The similarity has often been suggested, based on the rationale that Federer and Messi are aesthetically extraordinary while Nadal and Ronaldo are machine-like in their winning nature and physically immense.

Ronaldo's Juventus club-mate, goalkeeper Gianluigi Buffon, floated the theory in October, saying the "comparison is obvious and makes me smile".

The football rivalry was never greater when Ronaldo was at Real Madrid, as it put him and his club in direct opposition to Messi at Barcelona.

Messi recently went past Ronaldo's haul of Ballon d'Or triumphs when he took his sixth award, crowning him as the world's top player for this year.

But Nadal, whose French Open and US triumphs in 2019 took him to 19 grand slam titles, one behind all-time leader Federer, scotched the idea that players in one sport can be likened to those from another.

He told Marca.com: "No comparison is possible. They are two completely different sports and Messi's characteristics are not those of Federer nor are those of Cristiano like mine. Each one is as he is."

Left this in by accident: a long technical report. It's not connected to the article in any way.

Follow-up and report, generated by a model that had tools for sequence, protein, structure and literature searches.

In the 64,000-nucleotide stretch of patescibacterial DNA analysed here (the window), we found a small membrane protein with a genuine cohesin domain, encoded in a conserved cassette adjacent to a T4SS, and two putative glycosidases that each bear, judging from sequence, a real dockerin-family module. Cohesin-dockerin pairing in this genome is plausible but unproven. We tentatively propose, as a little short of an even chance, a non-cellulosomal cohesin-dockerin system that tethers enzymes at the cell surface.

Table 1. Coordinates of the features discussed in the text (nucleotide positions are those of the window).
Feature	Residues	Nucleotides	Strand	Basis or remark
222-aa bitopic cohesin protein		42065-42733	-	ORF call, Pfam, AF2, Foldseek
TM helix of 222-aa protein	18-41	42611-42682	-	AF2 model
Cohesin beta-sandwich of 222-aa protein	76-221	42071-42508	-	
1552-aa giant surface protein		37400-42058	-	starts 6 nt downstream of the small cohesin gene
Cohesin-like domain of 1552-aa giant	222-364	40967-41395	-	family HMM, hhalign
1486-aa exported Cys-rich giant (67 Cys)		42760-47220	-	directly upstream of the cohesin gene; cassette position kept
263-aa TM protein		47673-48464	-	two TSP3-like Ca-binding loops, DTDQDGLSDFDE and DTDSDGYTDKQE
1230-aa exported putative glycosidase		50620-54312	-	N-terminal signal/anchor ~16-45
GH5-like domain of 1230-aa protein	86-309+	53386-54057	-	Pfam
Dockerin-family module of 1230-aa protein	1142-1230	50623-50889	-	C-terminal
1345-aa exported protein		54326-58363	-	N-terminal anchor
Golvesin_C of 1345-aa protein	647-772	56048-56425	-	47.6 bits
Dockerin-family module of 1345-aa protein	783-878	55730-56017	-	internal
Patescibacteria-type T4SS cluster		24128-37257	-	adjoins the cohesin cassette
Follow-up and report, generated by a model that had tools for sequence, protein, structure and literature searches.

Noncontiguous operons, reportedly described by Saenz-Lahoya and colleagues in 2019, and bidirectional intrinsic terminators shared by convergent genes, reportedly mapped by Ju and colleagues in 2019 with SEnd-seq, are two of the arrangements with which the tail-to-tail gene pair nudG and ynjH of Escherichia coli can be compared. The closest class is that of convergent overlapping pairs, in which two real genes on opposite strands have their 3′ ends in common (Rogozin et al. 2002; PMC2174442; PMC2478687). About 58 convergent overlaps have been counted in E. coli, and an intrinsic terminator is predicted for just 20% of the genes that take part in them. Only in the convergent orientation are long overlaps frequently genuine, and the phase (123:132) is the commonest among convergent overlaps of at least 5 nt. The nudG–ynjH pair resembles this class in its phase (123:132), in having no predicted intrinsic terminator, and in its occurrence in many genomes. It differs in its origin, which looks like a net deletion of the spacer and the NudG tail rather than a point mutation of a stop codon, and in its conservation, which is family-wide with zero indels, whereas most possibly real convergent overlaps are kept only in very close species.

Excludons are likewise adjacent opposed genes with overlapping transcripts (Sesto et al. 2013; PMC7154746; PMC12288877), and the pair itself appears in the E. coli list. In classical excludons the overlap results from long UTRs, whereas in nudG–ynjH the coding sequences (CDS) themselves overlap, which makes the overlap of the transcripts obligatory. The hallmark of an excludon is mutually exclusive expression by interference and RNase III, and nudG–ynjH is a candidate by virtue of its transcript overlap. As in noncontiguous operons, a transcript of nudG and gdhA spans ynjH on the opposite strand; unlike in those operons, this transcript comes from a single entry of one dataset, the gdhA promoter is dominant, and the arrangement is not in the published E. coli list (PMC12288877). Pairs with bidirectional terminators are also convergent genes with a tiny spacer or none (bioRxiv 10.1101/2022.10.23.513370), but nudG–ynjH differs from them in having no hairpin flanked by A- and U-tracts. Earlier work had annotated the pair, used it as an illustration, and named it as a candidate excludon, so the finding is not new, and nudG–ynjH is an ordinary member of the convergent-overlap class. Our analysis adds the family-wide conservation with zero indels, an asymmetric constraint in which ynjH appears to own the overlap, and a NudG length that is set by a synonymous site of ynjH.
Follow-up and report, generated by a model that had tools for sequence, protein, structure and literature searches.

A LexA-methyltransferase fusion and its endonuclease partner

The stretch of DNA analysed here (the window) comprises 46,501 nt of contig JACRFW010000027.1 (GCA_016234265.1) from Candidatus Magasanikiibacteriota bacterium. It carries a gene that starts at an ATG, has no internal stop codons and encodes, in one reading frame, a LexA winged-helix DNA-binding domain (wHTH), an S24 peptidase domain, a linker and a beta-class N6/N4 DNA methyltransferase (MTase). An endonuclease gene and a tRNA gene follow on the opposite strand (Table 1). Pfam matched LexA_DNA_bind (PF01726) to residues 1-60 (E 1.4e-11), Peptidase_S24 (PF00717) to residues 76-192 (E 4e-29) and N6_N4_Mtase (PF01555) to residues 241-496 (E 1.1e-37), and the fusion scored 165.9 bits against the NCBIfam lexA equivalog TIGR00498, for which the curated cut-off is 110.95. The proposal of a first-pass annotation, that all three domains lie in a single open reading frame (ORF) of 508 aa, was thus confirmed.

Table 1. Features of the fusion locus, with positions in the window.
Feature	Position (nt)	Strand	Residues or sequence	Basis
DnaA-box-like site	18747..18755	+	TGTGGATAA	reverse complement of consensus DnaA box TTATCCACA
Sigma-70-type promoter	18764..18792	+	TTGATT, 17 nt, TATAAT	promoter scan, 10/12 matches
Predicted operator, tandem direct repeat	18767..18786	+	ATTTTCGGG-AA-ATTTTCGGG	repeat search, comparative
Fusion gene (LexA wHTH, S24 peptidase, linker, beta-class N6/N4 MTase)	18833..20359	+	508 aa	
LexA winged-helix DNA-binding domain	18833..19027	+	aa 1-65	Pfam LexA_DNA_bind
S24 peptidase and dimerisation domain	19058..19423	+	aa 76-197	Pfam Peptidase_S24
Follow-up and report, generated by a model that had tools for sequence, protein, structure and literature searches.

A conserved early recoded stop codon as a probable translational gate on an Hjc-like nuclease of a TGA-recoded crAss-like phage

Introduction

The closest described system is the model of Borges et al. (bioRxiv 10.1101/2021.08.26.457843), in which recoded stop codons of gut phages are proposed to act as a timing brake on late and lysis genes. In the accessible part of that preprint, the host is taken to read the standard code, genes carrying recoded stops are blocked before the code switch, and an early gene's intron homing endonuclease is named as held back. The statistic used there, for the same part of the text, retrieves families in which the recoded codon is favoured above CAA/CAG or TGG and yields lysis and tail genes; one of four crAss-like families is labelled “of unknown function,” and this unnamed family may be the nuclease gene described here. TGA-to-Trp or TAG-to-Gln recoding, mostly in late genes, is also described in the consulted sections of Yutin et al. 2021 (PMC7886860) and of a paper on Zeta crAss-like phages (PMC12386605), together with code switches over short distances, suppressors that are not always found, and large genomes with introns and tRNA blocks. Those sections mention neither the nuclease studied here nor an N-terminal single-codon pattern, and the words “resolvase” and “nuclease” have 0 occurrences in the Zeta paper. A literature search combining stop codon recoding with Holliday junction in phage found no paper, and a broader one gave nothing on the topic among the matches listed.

Nadal could pass 38-year-old Federer in 2020, and Novak Djokovic is also in the race to finish with the most slams, sitting on 16 to date.

But Nadal says the grand slam record would be a by-product of his dedication rather than the result of chasing it down as a main objective.

"It's not important to me, if only I'm given this title," Nadal said. "I understand for you, the media, the journalists, you have to write about this.

"For me, it's already satisfying to form part of the history of our sport.

"I've been training and making an effort since I was eight. Being where I am at 33 is already an incredible achievement.

"We're in numbers that were unimaginable. People can already think who is the best and who isn't. For me, it's a great honour to be in this group."

A record 71million Australian Dollars in prize money will be on the line at next month's Australian Open in Melbourne.